In ancient China, October 1st, is when the weather starts cooling as a shift from summer to autumn. Since there is no advanced technologies or large amounts of fresh food stocked for everyone to safely pass through winter, the cold weather itself is a fatal impact to many families and will take many lives before spring approaches. So besides the custom of making winter outfits, it is also a signal for families who have yet to stock up on foods, firewood, or outfits to start doing so before it is too late.
Customs of Winter Clothing Festival
Winter Clothing Festival emerged in the Zhou Dynasty, but there were no specific customs representing these festivals until the Song Dynasty when emperor Qin Shi Huang (秦始皇) took the lead and distributed cotton-made winter clothes to court officials to support them through winter. This action is known as "授衣, shòu yī," "giving clothes," which adds on to another names to called this festival by; 授衣节, shòu yī jié. With the emperor taking the lead, commoners started following this trend of making and gifting winter outfits. This eventually made emperor Qin’s decree for October month developed into a real custom for this festival.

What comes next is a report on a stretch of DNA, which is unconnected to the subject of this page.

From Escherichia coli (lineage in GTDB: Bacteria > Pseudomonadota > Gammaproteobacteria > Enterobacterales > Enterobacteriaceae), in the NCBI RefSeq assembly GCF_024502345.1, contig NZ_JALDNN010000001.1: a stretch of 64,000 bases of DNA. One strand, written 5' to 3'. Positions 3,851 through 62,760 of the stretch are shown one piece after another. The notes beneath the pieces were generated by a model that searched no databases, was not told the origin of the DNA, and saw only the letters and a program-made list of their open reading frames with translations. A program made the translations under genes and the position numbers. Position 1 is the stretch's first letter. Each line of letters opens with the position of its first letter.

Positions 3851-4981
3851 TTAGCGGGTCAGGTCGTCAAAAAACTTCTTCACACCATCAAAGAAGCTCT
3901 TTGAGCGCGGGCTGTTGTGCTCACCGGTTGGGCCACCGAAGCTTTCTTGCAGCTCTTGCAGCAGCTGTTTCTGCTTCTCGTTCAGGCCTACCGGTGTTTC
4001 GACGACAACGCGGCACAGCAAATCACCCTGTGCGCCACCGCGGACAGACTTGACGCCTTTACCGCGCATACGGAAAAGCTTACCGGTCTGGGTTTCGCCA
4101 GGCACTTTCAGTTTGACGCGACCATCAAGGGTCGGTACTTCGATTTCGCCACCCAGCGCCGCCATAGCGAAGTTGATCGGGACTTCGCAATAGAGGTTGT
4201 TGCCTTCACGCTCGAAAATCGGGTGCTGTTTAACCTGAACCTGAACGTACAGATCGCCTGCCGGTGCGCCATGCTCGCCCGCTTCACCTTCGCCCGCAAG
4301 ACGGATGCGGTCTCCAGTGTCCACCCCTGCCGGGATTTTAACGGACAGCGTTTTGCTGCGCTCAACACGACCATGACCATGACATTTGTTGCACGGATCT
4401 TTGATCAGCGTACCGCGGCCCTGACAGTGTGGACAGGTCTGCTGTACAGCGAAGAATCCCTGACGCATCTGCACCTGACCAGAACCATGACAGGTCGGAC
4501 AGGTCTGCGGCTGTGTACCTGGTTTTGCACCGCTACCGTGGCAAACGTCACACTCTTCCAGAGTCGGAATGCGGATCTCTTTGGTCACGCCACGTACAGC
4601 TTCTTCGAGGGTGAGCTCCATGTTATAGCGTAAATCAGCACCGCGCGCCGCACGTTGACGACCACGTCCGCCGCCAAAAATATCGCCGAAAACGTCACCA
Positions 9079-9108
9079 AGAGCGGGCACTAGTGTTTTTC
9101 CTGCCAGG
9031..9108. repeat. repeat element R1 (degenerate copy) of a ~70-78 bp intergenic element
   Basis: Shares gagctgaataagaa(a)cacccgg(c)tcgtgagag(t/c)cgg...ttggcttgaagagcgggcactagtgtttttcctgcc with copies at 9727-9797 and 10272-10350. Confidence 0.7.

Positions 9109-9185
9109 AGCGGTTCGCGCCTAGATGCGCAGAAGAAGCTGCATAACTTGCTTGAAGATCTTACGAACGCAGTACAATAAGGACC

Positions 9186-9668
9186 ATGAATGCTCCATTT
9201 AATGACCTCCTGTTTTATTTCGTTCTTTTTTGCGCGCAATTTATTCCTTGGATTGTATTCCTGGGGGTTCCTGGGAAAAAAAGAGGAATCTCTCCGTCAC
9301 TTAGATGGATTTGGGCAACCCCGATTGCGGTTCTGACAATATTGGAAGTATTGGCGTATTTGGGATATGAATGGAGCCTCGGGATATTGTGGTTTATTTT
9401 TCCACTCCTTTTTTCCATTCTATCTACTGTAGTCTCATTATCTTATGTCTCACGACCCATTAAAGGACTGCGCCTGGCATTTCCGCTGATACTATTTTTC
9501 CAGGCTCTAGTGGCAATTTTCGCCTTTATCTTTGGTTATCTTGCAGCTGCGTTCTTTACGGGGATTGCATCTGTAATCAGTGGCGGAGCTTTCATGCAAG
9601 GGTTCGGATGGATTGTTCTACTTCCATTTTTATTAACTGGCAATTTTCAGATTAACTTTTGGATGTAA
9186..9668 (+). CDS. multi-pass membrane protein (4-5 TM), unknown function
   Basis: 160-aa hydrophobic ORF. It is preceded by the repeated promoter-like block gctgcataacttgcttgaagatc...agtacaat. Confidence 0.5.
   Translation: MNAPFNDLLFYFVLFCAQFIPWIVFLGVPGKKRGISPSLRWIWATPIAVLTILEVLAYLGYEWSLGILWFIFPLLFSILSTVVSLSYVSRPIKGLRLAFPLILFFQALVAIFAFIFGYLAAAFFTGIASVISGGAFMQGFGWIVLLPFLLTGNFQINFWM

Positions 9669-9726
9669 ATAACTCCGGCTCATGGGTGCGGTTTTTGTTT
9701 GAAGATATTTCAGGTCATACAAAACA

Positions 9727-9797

This festival is popularly known in the North of China as "Ritual Festival." During the Sui, Tang, and Five Dynasties, there are no stable dates for this festival. The earliest date would be in the month of September. It wasn’t until the Song period that the date got shifted to October.
The clothes gifting started with being merely just a trend. It slowly became incorporated into the customs representing Winter Clothing Festivals and lasted till now until it faded.
As of most recent customs, on the day of the festival, people will be going to the ancestor’s grave and provide offerings to them. Besides the usual food, paper money, it will also include outfits such as clothes, hats, boots, any that can help block cold wind when winter comes. Families will also burn up some paper money for the graves next to the one they are offering to, specifically the lone graves in case the member of that grave does not have an offering and ends up stealing clothing from their ancestors. A few of the offerings include dumplings, steamed buns, fruits, incense, and candles.